I am accused of having told thirty million French people, proletarians like me, that they had the right to live . . . As for our role, it is written in advance; the role of accuser is the only one appropriate for the oppressed.
After a year in prison, Blanqui returned to his revolutionary work, organizing two secret societies with hundreds of working-class members. Most republicans found Blanqui too extreme since his organizations were willing to resort to arms to seize political power. Once they had power, Blanqui believed, the revolutionaries would establish a dictatorship with two goals: to defend the poor against the rich and to educate people about the virtues of a new society. Soon after, this dictatorship would give way to communism.
On May 12, 1839, after several false starts, Blanqui’s Society of Seasons seized several buildings in Paris, launching their insurrection. For a brief moment, a new republic appeared on the horizon. But Blanqui’s plan had a fatal flaw: the masses played no role in taking power. The revolt was crushed, and Blanqui went into hiding. He was captured a month later and sentenced to life in prison.
Blanqui was held in the fortress of Mont-Saint-Michel, where prisoners could not properly sit nor stand, vermin filled their cells, and temperatures soared in the summer and plummeted in the winter. In February 1841, he learned of Amélie-Suzanne’s death. This was worse than the prison’s physical deprivations: he remained motionless for days and contemplated suicide. For the rest of his life, he wore black gloves as a sign of mourning.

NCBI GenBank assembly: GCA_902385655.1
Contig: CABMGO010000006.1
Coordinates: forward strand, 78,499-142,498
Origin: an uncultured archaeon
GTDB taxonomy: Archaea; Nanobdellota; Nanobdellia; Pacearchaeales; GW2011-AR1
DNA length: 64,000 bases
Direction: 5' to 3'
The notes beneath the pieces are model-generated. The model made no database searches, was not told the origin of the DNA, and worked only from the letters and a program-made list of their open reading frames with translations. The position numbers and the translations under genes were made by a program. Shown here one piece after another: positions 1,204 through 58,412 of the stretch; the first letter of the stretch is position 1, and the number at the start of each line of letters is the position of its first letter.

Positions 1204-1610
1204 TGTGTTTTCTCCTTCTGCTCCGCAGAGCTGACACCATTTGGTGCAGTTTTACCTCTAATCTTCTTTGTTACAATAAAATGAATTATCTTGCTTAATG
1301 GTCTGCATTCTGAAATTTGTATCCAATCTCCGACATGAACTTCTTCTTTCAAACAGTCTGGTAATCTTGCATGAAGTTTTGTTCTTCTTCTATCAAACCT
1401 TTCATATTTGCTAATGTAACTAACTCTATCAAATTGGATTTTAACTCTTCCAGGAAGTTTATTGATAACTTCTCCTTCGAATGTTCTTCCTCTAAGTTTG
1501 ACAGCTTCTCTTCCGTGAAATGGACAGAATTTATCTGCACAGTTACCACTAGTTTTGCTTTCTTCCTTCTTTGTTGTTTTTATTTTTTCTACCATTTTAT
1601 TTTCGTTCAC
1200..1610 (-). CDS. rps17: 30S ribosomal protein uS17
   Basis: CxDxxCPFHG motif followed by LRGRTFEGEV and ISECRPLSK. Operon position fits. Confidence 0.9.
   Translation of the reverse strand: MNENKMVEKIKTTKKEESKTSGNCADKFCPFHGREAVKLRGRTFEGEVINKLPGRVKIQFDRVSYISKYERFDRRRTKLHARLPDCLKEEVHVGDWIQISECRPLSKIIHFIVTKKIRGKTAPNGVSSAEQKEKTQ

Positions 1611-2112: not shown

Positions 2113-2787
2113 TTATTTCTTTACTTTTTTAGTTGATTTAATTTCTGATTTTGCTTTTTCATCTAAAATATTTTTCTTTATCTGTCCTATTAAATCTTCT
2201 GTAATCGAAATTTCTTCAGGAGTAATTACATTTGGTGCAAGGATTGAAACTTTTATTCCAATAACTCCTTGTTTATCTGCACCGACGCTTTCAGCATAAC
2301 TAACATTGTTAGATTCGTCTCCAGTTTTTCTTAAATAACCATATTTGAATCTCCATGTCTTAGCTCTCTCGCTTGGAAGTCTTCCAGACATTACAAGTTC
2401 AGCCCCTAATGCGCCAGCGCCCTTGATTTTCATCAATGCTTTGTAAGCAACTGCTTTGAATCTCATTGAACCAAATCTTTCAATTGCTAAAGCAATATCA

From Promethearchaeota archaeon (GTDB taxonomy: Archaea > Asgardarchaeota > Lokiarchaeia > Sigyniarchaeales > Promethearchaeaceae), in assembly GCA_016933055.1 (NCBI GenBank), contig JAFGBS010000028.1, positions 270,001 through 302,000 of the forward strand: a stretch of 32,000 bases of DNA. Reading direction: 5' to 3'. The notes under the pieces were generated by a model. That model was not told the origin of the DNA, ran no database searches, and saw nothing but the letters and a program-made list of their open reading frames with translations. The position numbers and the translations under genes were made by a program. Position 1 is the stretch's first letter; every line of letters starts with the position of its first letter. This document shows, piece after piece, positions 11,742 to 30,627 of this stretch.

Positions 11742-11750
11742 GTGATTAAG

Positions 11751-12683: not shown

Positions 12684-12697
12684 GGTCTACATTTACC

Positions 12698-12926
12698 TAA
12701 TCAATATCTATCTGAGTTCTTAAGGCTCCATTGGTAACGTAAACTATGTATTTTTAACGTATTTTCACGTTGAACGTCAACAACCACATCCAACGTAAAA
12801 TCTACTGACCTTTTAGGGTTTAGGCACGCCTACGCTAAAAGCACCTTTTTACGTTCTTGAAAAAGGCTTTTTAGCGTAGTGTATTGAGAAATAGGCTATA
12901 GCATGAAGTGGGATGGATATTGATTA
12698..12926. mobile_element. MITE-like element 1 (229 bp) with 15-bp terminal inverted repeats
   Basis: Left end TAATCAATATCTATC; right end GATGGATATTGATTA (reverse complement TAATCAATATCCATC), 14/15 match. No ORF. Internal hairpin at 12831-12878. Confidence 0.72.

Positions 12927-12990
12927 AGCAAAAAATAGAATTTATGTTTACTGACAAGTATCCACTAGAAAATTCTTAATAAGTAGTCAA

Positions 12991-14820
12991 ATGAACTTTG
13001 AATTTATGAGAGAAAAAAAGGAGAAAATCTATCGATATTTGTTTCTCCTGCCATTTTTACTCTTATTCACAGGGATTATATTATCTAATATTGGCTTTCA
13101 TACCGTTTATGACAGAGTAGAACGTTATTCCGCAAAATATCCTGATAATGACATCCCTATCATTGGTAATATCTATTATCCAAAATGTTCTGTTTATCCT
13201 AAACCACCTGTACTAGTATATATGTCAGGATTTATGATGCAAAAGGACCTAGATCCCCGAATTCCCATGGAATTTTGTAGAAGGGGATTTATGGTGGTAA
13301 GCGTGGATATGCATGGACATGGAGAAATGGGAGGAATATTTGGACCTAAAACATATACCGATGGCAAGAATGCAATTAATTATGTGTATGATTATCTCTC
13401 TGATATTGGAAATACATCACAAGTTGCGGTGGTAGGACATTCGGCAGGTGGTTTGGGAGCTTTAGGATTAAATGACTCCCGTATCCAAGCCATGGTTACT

Blanqui’s legend began to grow, and more people learned of Mont-Saint-Michel’s unforgivable treatment of its prisoners. By 1844, it had taken its toll on Blanqui’s health, and he lay dying in his cell. To avoid creating a martyr, Louis-Philippe pardoned him, but Blanqui defiantly stayed in prison with his comrades.
The throne granted him clemency anyway, and Blanqui miraculously survived his illness. He was finally freed in 1848 when the monarchy fell and Paris’s working class once again took to the barricades.
Overjoyed, Blanqui hurried to Paris. He was determined that the workers would not be cheated of their victory this time.
Second Republic to Second Empire
Blanqui called for socialism at rallies all over Paris. Marx recognized him as the symbol of communism in France, declaring: “The proletariat rallies more and more around revolutionary socialism, around communism, for which the bourgeoisie has itself invented the name of Blanqui.”
When members of the ruling class attended his speeches, they saw only unbridled radicalism that needed to be kept in check. Alexis de Tocqueville said Blanqui’s appearance “filled [him] with disgust and horror.” He described the revolutionary leader:
His cheeks were pale and faded, his lips white; he looked ill, evil, foul, with a dirty pallor and the appearance of a moldering corpse . . . He might have lived in a sewer and just emerged from it.
As conservative opposition to the Republic mounted, many of Blanqui’s followers clamored for action. On May 15, despite his objections, a demonstration at the Chamber of Deputies turned into a disorganized coup d’etat. Designed to establish a new radical government, the coup only managed to get its organizers arrested. The real tragedy came in June, when tens of thousands of Parisian workers rose up without leadership or organization. The workers fought heroically, but the army massacred them.
After this defeat, Blanqui wrote a “Warning to the People,” counseling workers not to trust those unwilling to fight the ruling class:
What shoals threaten the revolution of tomorrow? The shoals that shattered yesterday’s: the deplorable popularity of bourgeois disguised as tribunes.
As Blanqui expected, Paris’s shopkeepers and merchants did not fight, but capitulated. They welcomed Louis-Napoleon, who crowned himself Emperor Napoleon III in 1851. The Second Republic gave way to the Second Empire, and Blanqui was sent back to prison for another ten years.
Another royal amnesty came in 1859, but Blanqui’s freedom was bittersweet and short-lived: his mother had died the year before, the police watched him closely, and the emperor manufactured new charges against him.